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Canada Joins 21st Century Fight against Tax Dodgers

Federal budget earmarks $90 million annually to tackle evasion. It's about time.

By Dennis Howlett 24 Mar 2016 |

Dennis Howlett is executive director of Canadians for Tax Fairness. He was national co-ordinator of Make Poverty History, helping to lead successful campaigns for poverty reduction plans at the provincial and federal levels.

Canada has joined the 21st century in the fight against tax dodging.

The finance minister has earmarked nearly $90 million a year to fight tax evasion -- a total of $444 million over five years. This signals the government finally got a reality check about how much it is losing to wealthy Canadians and multinational corporations who shift their money offshore to avoid paying the taxes they should be paying at home.  

The budget estimates that it will collect more than $2.6 billion in return for its investment. Just as importantly, it sends a message. Tax evasion and profit shifting is wrong, and chances are better than ever that you will be caught.

Ramping up the Canada Revenue Agency's capacity to tackle tax havens is a smart move that can pay off tenfold if handled correctly. Aside from funds earmarked for social spending, it is one of the most strategic uses of taxpayer money.

But there's a caveat.

Up to now, the CRA's record on big tax evasion cases has been abysmal. They have suffered more staff cuts than any other government department. There has been little evidence of political will or the resources to go after the big tax cheats. This despite an obvious public distaste for the anti-tax antics of Canadian multinationals and the super-wealthy.

National Revenue Minister Diane LeBouthillier needs to use that money to mobilize a sophisticated campaign to target both rich tax dodgers and the financial advisors who facilitate these covert transactions. So far, she has been playing her cards close to her chest. But the time has come for her to explain to Canadians how she will protect their interests against the unscrupulous members of the $10-million-dollar club. Some of the corporations using legal tax havens to shift their profits such as Bombardier are the guys who benefit most from government spending -- but think the little guy should pay for it.*

There are other Canadian companies that have used such measures. According to a Globe and Mail report, the Irving empire was among the first to take advantage of legal offshore tax havens.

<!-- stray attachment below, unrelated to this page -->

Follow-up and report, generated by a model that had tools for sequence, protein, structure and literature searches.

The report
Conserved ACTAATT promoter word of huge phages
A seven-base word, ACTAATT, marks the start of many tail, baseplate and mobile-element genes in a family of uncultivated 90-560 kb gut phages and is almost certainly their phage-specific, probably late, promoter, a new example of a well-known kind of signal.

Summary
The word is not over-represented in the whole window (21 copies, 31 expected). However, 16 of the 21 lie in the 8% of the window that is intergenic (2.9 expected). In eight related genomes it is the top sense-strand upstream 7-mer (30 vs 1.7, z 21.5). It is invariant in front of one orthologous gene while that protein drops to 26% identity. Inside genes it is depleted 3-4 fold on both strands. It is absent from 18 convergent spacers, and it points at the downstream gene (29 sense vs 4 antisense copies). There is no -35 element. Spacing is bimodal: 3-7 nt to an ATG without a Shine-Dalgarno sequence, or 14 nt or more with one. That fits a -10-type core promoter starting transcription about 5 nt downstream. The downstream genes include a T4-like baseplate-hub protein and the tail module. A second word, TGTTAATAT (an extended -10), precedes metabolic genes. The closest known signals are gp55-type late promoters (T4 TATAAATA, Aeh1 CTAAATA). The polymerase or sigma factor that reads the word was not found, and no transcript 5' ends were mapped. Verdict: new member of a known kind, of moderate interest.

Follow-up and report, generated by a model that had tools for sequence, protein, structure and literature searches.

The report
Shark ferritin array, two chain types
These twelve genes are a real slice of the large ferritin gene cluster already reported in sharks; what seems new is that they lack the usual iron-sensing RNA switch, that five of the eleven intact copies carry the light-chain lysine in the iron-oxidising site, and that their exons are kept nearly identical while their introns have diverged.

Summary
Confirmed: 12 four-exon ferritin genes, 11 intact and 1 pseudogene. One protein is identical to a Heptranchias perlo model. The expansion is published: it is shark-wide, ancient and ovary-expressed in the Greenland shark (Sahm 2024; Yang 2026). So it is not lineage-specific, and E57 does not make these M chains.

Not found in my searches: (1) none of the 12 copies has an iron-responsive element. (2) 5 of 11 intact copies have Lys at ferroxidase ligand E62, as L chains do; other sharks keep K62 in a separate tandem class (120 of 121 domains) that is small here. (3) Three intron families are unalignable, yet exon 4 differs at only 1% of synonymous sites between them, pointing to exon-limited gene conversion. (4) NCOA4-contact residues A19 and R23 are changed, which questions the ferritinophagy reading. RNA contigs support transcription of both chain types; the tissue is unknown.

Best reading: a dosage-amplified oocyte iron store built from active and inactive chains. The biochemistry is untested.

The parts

Following the money ain't easy

LeBouthillier needs to establish units that can investigate, track and prosecute cases. The Justice Department also needs to hire more lawyers to take more big tax cheaters to court and not let them off lightly with out of court settlements because they don't have the capacity. Following the money isn't easy. But Canadians expect no less from the CRA. That was made clear by the outrage over allegations about KPMG advising wealthy clients to hide their money offshore.

To be fair, the job goes beyond the purview of the CRA. It includes the need for a good airing out at the Parliamentary Finance Committee. And both finance and global affairs ministers need to wade in. They need to complement the efforts of CRA in going after those who violate current laws, by reforming corporate tax laws to halt the use of offshore havens in ways that are now legal and supporting global efforts to curb tax havens. 

Modest estimates indicate there is $199 billion in Canadian money in offshore tax havens. That amount has grown dramatically as cuts at the CRA were implemented over the past decade. And it doesn't begin to reflect the dark side of an underground trade in hiding billions offshore -- literally laughing all the way to the Swiss bank.

Used strategically, the additional resources for the CRA will bring offshore money home and put a chill on the free-for-all that typifies the Canadian wing of the tax haven industry. There's enough there to cover off one-third of the deficit. Once the cabinet gets a whiff of that, investing in the fight against offshoring will be a no-brainer.

It's about time.

*Story corrected March 29, 2016: A reference to Irving Shipbuilding was removed.  [Tyee]

Read more: Politics,

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